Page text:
“The teenagers participate in a 20-week job-readiness program that prepares them for employment in the food industry. The program touches not only on kitchen skills but the on the many aspects of work in the culinary industry, from sales and customer service to local farm sourcing to teamwork and cooperation. …

“For the past several years, Harvest Kitchen has operated out of a commercial kitchen space in Pawtucket.”

But when Pawtucket Central Falls Development (PCF) “approached Farm Fresh with its rehabilitation plan for 2 Bayley St., a downtown [Pawtucket] multi-use building that would include affordable housing, retail space and job-training opportunities, the match seemed perfect.” More  at EcoRI, here.

I’ve been buying Harvest Kitchen’s applesauce at the Burnside Farmers Market, and I’m being completely honest when I say it’s the best applesauce I’ve had in years. That’s partly because I love chunks in my applesauce, but also because it’s sweet with no sugar added. If you return the empty jar, you get 25 cents back on the next jar.

Harvest Kitchen offers cranberry and strawberry applesauce, too. Other products include dried apple slices, peach slices in season, whole tomatoes, pickles with veggies, dilly beans and onion relish.

In addition to PCF, organizations that have helped to make this happen include Rhode Island Housing, RI Department of Children Youth and Families (Division of Juvenile Correction), Amgen Foundation, Fresh Sound Foundation, The Rhode Island Foundation and TriMix Foundation.

Find sales locations here.

Photo: FarmFreshRI

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Here’s a creative way to address the urgent need for housing in this country: make a deal with Canada to take the houses it doesn’t want anymore.

Kirk Johnson has the story at the NY Times.

“In the San Juan Islands of northwest Washington State, where a severe shortage of affordable housing threatens the economy and the community, a small nonprofit group has found an unlikely way to help anchor families that are struggling to stay — by lifting up unloved houses in Canada, hoisting them onto barges and hauling them to where they are needed. …

“The structures had what builders call good bones, and the group, the San Juan Community HomeTrust, discovered that the cost of transporting them across the Haro Strait from Canada and restoring them here was comparable to the cost of building from scratch. …

“The number of people living in poverty in the county has risen about 17 percent since the end of the recession in 2009, according to census figures, even as the economic recovery in Washington and around the nation gained steam.

“ ‘It’s kind life or death to keep our working families here,’ said Peter Kilpatrick, the project manager in refitting the houses to be imported by the San Juan Community HomeTrust. When the rewiring, painting and structural repairs are finished in June, buyers who have already met income and residency requirements can take possession.

“Through a combination of donated land, government and foundation grants and local fund-raising, the homes will cost the buyers — a hospital worker, several teachers and a massage therapist among them — from $160,000 to $210,000. The median market price here was almost $500,000 at the end of last year.” More here.

Nothing like a little recycling ingenuity applied to a problem! In fact, I was just commenting to a blogger who’s teaching in El Salvador that the locals’ skill at repairing and reusing items is a great foundation for creative problem solving in general. (Please read Milford Street’s report from El Salvador, here.)

Photo: Nancy DeVaux
Houses from Canada were transported by barge to the San Juan Islands in Washington State, where affordable housing is badly needed.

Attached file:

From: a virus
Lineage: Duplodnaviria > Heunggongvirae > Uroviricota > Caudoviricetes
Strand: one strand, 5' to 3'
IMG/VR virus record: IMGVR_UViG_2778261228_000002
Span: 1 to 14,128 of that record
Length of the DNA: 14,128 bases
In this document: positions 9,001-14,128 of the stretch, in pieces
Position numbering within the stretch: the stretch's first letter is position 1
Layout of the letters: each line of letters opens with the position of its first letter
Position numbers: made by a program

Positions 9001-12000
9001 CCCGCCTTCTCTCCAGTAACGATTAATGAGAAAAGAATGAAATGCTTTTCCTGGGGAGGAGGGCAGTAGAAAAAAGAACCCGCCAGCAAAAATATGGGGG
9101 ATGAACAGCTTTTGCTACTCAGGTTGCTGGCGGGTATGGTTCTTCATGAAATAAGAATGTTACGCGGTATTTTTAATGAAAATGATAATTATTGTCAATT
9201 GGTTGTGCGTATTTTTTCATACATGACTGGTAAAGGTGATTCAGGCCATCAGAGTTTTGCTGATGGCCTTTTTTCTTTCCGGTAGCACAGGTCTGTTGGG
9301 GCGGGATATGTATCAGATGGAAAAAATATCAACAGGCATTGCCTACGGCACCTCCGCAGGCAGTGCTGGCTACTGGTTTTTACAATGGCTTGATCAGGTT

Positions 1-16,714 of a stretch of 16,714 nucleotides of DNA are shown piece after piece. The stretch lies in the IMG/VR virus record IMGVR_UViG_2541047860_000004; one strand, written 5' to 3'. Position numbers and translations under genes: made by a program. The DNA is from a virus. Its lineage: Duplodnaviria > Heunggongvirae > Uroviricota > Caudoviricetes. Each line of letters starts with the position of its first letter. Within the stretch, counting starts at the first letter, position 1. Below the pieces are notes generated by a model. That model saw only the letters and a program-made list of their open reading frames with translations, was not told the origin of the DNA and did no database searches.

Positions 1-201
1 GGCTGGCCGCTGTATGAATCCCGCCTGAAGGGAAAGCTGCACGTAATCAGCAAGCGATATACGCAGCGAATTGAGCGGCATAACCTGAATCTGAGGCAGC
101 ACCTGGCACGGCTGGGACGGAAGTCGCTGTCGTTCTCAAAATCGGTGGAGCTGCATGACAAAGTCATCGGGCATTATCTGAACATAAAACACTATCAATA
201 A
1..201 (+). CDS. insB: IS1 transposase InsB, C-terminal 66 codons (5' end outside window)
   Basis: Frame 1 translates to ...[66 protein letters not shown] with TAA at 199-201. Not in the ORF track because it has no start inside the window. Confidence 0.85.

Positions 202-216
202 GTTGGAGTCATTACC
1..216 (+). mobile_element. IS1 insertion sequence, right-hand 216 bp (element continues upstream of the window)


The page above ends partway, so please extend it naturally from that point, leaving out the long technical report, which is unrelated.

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In Helsinki, Finland, where young people traditionally leave home at 18 but can no longer afford urban rents, Millennials are applying by the hundreds to live with the elderly.

According to Kae Lani Kennedy at Matador Network, “Retirement homes are serving as more than a community for the elderly. These facilities are providing affordable housing for the city’s growing population of homeless millennials.

“ ‘It’s almost like a dorm, but the people aren’t young. They’re old,’ explains Emil Bostrom, a participant in ‘A Home That Fits,’ a new housing project that allows millennials to move into retirement communities. Bostrom is a 24-year-old kindergarten teacher, and though he has a steady income, it is not enough to compete with 90,000 other renters in a city that has roughly 60,000 affordable rental properties. …

“Bostrom, along with many other young adults, can enjoy discounted rent in exchange for socializing with the seniors in their community. …

“By interacting with a younger generation, the elderly involved with ‘A Home That Fits’ have the opportunity to be engaged in an active and diverse community, instead of being left behind in a forgotten generation.” More here.

And check out a post I wrote about the same phenomenon in Cleveland, here. Both initiatives sound like fun to me.

Video: Seeker Stories

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Here’s an idea that could give a welcome boost to underprivileged children: a free connection to the Internet at their home.

It seems that Google, in the spirit of its discontinued motto “Don’t be evil,” is piloting a new public service.

Matt Hamblen at Computerworld reports, “Google Fiber [recently] announced free gigabit Internet service to residents of selected public housing projects connected to its fiber optic service in U.S. cities.

“The program was launched at West Bluff, an affordable housing community in Kansas City, Mo., where 100 homes have been connected to Google Fiber. Across the Kansas City area, Google is now working with affordable housing providers to connect as many as nine properties that could reach more than 1,300 local families.

“Google described the program as an extension of its work with ConnectHome, an initiative of the U.S. Department of Housing and Urban Development (HUD) and the Obama administration. …

“In addition to free Internet, eligible residents will work with ConnectHome partners like Connecting for Good and Surplus Exchange to be able to purchase discounted computers and learn new computer skills, Google said.” More here.